Julianna Barwick has returned with the single ‘One Half’. Off the forthcoming Icelandic influenced Nepenthe, the lead video offers a shift in style and an interesting interpretation of personal duality. The two halves of Julianna’s self occupy vastly different places; one in a halogen lit empty car park and the other in a lush, surreal forest populated by a psychedelic cake. The song, while utilizing the same looping ambiance, uses discernible vocals as elements in the layers. They’re structural, less as lyrics to tell a story but an functional part of the tonal whole. It’s charming, etherial as always, but somewhat grounded by the tangible english.
The whole album isn’t as different as ‘One Half’, with much the rest of the album remaining true to what you’d expect from Barwick’s shimmering vocals. A few tracks feel heavily influenced by the Icelandic recording location, the hand of producer Alex Somers and cameos by members of local heavyweights Mum & Amiina. ‘Pyrrhic’ feels the most imbued by the land, built out of sighing strings, high choral vocals and an enveloping ascending melody akin to Sigur Ros’s finer moments. The album on the whole works, both newly arrived elements and familiar ones.
You can stream Nepenthe over at NPR Music. You can also pre-order the album via SC Distribution. First run of the vinyl comes in a limited edition gold and includes a poster worthy of the Icelandic tourism board.
In the long ago days that we called 2006, the stars aligned, money appeared and I secured a press pass to Iceland Airwaves. I flew alone to Reykjavik and took in the festival. It’s always a well curated affair that takes over most of the small 101 district. The charm lies in the close proximity of all the venues, the beauty of the city and the kindness of the locals. The first night I met a couple who offered up great conversation and a couch to crash on, as my hotel was a bit of a hike. Had this been America, I most likely would have woken up in an ice bath without my kidneys. In addition to the main venues, there are tons of off-venue events which offer up many chances to discover and repeatedly see local Icelandic acts. The weekend contained what I still regard as one of the best shows of my life: Wolf Parade supporting Apologies To Queen Mary in a packed tiny club called Tuborg. I forgot my press pass would get me to the other side of the divider, but I contentedly enjoyed the nearly too loud set pressed against the barrier. Afterward with my ears still ringing, I took my rental bike into the dark of the suburbs along the water. The streets were desolate, yet still felt safe and I could see the northern lights faintly above the horizon. Probably one of the better evenings of my life.
The festival ended with pages of notes and even a few interviews on tape. I returned to the US to no job and little motivation to write. Quickly, I woke up to the press deadline looming above my head and no place to publish the words I had yet to write. Cutoff passed and I can only guess that my name is still on the blacklist they warned about.
I still love the festival and this 39 minute documentary is a loveletter with a great selection of interviews and performaces from the last 10 years of Airwaves. Here’s hoping that this post can work to repair the damage I did 5 years ago by not promoting the festival then. Sorry, Iceland!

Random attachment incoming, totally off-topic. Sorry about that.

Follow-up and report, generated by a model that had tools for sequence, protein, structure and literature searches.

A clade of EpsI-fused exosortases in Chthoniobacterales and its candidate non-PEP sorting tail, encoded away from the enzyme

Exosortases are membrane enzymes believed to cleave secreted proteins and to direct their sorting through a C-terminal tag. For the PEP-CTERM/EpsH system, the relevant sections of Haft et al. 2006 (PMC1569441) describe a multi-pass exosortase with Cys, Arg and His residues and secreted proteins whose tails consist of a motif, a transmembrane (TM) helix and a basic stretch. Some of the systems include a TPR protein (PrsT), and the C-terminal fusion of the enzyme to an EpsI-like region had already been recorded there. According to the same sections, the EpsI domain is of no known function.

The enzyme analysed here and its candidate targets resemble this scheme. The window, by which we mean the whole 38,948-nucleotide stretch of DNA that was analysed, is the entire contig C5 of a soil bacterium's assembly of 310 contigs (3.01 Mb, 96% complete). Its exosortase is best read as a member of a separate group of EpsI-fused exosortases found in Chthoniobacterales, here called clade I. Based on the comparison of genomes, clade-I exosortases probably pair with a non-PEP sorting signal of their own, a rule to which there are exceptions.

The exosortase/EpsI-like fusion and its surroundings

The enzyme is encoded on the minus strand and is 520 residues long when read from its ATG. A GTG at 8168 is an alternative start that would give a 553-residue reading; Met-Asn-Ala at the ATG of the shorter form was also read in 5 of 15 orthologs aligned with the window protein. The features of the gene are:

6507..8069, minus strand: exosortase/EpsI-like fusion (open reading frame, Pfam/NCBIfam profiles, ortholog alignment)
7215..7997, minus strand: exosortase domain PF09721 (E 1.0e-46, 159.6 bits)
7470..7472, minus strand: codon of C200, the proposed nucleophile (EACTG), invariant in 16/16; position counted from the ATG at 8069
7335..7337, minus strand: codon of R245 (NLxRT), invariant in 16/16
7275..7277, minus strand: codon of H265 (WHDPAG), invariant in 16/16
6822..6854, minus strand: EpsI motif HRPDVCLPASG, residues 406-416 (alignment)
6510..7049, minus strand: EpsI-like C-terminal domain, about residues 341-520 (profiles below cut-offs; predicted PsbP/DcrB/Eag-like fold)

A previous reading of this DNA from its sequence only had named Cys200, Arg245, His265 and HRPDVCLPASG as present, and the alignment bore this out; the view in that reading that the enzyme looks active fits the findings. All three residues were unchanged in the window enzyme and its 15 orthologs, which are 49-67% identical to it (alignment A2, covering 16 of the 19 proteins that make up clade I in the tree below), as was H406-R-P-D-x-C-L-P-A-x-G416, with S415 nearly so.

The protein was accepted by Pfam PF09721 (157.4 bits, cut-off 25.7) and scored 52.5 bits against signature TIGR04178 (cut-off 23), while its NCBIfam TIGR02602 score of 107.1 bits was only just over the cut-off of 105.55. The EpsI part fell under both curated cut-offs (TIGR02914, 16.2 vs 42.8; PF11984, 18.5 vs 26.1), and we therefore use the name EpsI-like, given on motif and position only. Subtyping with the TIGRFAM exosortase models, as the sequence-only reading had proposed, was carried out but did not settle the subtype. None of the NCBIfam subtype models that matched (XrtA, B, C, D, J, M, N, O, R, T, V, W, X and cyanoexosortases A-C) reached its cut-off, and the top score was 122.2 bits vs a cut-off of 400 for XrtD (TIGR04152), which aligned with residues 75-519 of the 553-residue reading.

Also, extra apologies to Skakkamanage and þórir from My Summer As A Salvation Soldier. I interviewed you guys because I was a fan and I’m sad I never did anything with it.
Here’s the video I shot at local record store Skifan of Skakkamanage performing “OFC’s”
An update to earlier post regarding the tantalizingly ‘free’ Sigur Rós & Björk show to be held in Reykjavik this weekend (June 28th). The good folks at National Geographic will be webcasting the show for all to see.
Tune into National Geographic Music from 3 p.m. to 8 p.m. ET (begins at 8 p.m. BST/London or 7 p.m. GMT/Reykjavik) to see, as they put it on their site…”some Björkage“.
Beyond music, one of my favorite things is graffiti and street art. Living in Los Angeles, I do appreciate the amount of great graffiti going on out here. For Taking Tiger Mountain, I’m starting a new bit to focus on good graffiti around the net (as well stuff I see day to day, once I get a new camera).
For the first one, I’d like to throw some light on the Icelandic graffiti scene. I’m a fan of most all everything Icelandic (except maybe Hákarl) and thanks to the magic of the internet I found a fantastic Flickr stream of graffiti pics from around Reykjavik. Flickr user Orgelpianoman brings us a ton of great shots of the Reykjavik scene. I saw a bit of what the city had to offer when I was there in ’06 (the pic at the top of the post is one of mine), but as a local he gets into the hidden away spots to the good stuff a tourist wouldn’t feel comfortable sniffing out.
Björk, Sigur Rós, & múm participant Ólöf Arnalds will perform together in Reykjavik June 28th in an effort to raise awareness for the growing environmental crisis. While this concert takes place in one of the more beautiful spots on Earth, the ultimate issue with it takes to transport folks from around the world to Reykjavik might create a worse dent along with the awareness. I wouldn’t fault you wanting to go anyway. It’s free, except for the $600+ plane ticket.
Instead, you can check out the recent DVD release of Screaming Masterpiece. The documentary, which focuses on the the ever intriguing Icelandic music scene hit the shelves back in ’06 and features live clips from a variety of the country’s top talent.
As an added consolation prize, here’s a track from Sigur Rós’s upcoming LP Með suð í eyrum við spilum endalaust. The simple song, almost completely unadorned by Rós-ian standards, lets the acoustic guitar provide most of the backing for Jonsi’s ever otherworldly voice. A promising prospect for the new album, which releases on June 24th via XL.